Gripping human senses experiments take place at International Space Station for the second time
From 29 October through to 2 November, GRIP/GRASP experiments, developed by QinetiQ, that investigate how astronauts’ bodies adapt to microgravity were delivered on board the International Space Station (ISS) for a second time.
This time, German astronaut and current ISS commander Alexander Gerst operated both the GRIP and GRASP experiments in a one week series of sessions.
QinetiQ’s GRIP experiment, designed and built for the European Space Agency (ESA), comprises a chair and worktable equipped with sensors to measure the subject’s movement, position, grip-force, and finger humidity as he or she performs tasks. The GRASP experiment is an addition to GRIP, in which the astronaut wears virtual reality glasses to map the link between what they feel and what they observe through their other sensors, such as eyes, muscles and vestibular (balance) organs. The experiments aim to improve understanding of the body’s sensory feedback system, and the findings could help scientists on Earth to explore new treatments for neurological diseases.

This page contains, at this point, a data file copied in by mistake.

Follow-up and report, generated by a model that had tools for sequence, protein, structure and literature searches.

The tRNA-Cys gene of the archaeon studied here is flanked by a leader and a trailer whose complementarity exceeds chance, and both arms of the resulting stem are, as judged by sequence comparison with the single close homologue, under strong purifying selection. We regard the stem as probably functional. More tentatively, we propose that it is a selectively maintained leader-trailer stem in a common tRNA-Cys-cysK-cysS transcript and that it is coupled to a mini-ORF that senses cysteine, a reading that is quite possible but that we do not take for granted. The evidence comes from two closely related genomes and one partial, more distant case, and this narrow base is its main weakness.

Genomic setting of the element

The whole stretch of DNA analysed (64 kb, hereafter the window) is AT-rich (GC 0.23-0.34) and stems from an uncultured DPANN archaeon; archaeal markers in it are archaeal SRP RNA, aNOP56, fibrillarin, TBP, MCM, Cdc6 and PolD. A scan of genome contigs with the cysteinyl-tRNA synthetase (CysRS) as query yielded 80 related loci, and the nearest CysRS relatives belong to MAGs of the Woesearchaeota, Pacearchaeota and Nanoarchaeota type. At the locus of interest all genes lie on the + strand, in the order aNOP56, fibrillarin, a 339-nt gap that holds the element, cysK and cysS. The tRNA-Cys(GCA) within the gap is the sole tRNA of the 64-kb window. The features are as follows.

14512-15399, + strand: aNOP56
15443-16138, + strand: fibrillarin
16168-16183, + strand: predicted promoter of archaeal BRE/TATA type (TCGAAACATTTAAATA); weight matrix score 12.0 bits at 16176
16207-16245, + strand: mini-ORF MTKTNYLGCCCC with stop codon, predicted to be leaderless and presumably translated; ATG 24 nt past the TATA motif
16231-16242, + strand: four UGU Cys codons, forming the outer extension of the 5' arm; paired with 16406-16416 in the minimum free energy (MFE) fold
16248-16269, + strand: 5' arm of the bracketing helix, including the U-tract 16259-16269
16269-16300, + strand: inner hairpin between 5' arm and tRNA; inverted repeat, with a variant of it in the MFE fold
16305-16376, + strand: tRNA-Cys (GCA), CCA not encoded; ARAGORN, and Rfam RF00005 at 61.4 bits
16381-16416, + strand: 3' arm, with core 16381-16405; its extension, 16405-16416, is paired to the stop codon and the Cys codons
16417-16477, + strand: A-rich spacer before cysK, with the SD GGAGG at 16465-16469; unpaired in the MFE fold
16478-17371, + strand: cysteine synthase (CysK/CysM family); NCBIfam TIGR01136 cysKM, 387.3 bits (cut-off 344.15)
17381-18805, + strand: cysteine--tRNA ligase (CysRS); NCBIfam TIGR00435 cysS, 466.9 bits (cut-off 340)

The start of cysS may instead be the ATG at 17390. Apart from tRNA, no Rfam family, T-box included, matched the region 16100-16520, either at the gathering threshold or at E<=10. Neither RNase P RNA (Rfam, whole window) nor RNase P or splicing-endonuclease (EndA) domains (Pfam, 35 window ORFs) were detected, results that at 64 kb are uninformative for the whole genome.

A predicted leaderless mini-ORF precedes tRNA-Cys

The experiments have been designed and built by QinetiQ’s Space team and were launched in 2017. After the first experiment sessions later that year, the hardware was stowed away until last week, when everything was unpacked and installed again for a second experiment session. The idea behind this is to investigate the effect of long duration gravity on the astronaut’s body meaning sessions are planned at the start, half way and at the end of the astronaut’s stay on the ISS.
You can see more of Alexander Gerst performing the GRIP experiment and the GRASP experiment below.
Space to Ground: Getting a Grip
NASA's Space to Ground is your weekly update on what's happening aboard the International Space Station.
Horizons mission – Getting a good GRASP on gravity
Unbound by a traditional up or down, ESA astronaut Alexander Gerst is getting a handle on how microgravity affects our ability to grab and manipulate objects in space.
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